“To the Bone,” which recently premiered on Netflix, tells the story of 20-year-old Ellen (Lily Collins), who is living with anorexia nervosa. While many have praised the film for acknowledging a disorder many young women and men deal with, others have compared the film unfavorably with another Netflix production, “13 Reasons Why,” a series about a high school student who committed suicide. They argue that teens who are dealing with issues like eating disorders or depression might choose to emulate the behaviors they see on the screen.
In “To the Bone,” Ellen has been in and out of treatment centers for years until she goes to a center run by Dr. Beckham (Keanu Reeves), who takes an innovative approach to treatment. He facilitates community-style living and puts the choice of whether or not they want to get better in the hands of the patients. In one moving scene, the patients are taken to an indoor art installation where they are encouraged to dance and move under a simulated rainfall. “So why are we doing this?” Dr. Beckham asks. “Because we’re alive!” one patient responds.
The themes of choosing life and love are hopeful slices of grace amidst a very painful story.
Throughout her time in treatment, Ellen slowly opens up to a male patient, Luke (Alex Sharp), who shows her how to break down some of the walls she has built up over the years. In one scene, he lovingly and humorously helps her to take a single bite of her favorite candy bar—a task that the viewer can tell is excruciatingly hard for her. At the end of the film, as Ellen is lying in the desert on her estranged mother’s property in Arizona, it is Luke’s face that she sees as she goes in and out of consciousness. The themes of choosing life and love are hopeful slices of grace amidst a very painful story.
On any given day, U.S. teenagers average about nine hours of screen time. The media has eclipsed the place of parents and adults in the moral education of many Catholic adolescent girls. This raises the question: What is the best way for parents, church leaders and teachers to provide teens with critical media literacy tools, especially when they are confronted with serious topics like eating disorders?
Films like “To the Bone” can serve as helpful educational resources. But as teen viewers navigate messages about body image and mental illness through TV, movies and music, there is a need for moral guidance from the adults in their lives.
“To the Bone” is often difficult to watch, whether the viewer can directly relate to the main character, Ellen, or not. Her family is so distressed by her illness that they begin to treat her more as a problem than a person. Ellen’s deep emotional and psychological pain, tied to her refusal to eat, leaves the audience uncomfortable and often hopeless.
In my research as a Catholic ethicist, I have found that many Catholic young women did not receive moral guidance from the adults in their lives about issues surrounding body image, sexuality and sexual violence as teens, a time when they said that they most needed it. One of the young women I interviewed told me that the adults within her Catholic school, parish and home just “didn’t create an environment where we could talk about that stuff.” Instead, she and her friends turned to media and “the world of the internet” in order to seek answers to personal questions.
Catholic parents, teachers and church leaders can go beyond “just don’t do it” or “just don't watch it.” Teens are inundated with messages about body, sexuality and power, and parents and educators often have trouble keeping up. Thus, when young people are exposed to difficult content like “To the Bone,” rated TV-MA (not suitable for children under 17), it is important for parents and adults to be ready to talk about mental illness.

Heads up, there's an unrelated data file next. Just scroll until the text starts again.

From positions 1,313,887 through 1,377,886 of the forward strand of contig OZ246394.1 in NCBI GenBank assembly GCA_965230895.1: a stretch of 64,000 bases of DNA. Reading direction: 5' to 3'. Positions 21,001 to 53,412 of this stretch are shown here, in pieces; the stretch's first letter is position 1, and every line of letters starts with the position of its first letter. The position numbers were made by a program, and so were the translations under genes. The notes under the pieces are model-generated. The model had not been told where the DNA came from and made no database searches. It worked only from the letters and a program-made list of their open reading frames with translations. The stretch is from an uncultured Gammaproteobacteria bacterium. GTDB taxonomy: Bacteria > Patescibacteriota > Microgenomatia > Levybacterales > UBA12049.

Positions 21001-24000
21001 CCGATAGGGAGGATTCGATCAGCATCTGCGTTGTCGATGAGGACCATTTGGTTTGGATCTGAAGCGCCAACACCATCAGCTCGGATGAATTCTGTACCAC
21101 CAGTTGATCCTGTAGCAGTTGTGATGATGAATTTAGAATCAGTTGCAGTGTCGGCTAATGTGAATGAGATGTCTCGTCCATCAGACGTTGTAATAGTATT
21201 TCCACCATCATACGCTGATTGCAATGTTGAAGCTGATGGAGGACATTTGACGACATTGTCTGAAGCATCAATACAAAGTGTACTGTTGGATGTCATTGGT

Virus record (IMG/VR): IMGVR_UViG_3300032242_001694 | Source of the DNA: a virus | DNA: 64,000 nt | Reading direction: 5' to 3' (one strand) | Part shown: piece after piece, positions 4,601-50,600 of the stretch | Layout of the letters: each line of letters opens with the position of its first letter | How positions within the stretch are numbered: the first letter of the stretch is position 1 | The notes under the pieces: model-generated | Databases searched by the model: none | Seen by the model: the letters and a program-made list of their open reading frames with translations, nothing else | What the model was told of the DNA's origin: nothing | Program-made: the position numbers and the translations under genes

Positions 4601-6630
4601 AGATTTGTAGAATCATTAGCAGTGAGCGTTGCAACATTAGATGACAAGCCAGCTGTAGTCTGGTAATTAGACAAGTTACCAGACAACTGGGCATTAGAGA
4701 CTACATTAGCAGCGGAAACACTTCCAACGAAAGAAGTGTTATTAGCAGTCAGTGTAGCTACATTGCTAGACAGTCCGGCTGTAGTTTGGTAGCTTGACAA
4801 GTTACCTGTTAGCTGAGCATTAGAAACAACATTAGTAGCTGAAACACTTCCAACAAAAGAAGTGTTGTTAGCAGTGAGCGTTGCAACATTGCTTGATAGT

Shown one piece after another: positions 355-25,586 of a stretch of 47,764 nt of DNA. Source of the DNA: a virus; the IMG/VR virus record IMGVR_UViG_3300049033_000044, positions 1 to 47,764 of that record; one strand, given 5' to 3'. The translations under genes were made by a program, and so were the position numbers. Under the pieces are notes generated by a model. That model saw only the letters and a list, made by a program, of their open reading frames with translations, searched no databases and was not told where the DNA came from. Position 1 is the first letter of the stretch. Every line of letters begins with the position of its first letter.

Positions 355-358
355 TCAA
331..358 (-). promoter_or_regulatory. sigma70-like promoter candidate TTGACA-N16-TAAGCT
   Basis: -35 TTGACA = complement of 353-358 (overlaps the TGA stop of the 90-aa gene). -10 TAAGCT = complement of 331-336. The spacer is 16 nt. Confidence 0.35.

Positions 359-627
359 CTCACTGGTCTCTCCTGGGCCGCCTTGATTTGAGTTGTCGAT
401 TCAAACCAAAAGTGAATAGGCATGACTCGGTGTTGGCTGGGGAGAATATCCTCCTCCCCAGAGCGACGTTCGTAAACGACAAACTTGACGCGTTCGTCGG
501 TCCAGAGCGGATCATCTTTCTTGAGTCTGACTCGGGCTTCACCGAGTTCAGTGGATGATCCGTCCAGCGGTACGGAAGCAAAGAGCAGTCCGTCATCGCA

It is also important not to commit the same mistakes of Ellen’s family in “To the Bone” by treating her like a problem that needs to be solved. It is crucial to listen to young people. One of the young women I interviewed admitted, “I’ve never really felt empowered in the church as a woman.” She said she did not feel like anyone was truly listening to her experiences and feelings growing up as a girl. Whether it be about feelings of body insecurity or questions about sexuality, teen girls want to be heard.
Whether it be about feelings of body insecurity or questions about sexuality, teen girls want to be heard.
“To the Bone” was inspired in part by the director Marti Noxon’s own experiences recovering from anorexia, and Lily Collins has also had an eating disorder. Noxon has said in interviews that part of the reason that she wanted to make the film was to “ignite a discussion about body image issues and eating disorders.” Based on the flurry of conversations on the internet after the film’s release, Noxon has certainly succeeded. The scenes depicting the darkness that accompanies eating disorders have the opportunity to shed light on a pervasive yet often unacknowledged mental illness in today’s society.
In order to provide moral guidance to teenage girls in an age where mass media plays such an influential role in a young person’s development, it is important for adults to first become empathic listeners to what teenage girls are struggling with, particularly surrounding eating disorders. This involves asking introspective questions about how certain scenes affect them or having discussions about the “culture of thinness” that may influence these mental illnesses.
Teens may walk away from films like “To the Bone” with damaging lessons. But films that address these touchy subjects certainly are not going anywhere. Instead of trying to shelter Catholic teens, parents, educators and religious leaders would be better off opening a dialogue about how to navigate these messages in healthy and empowering ways.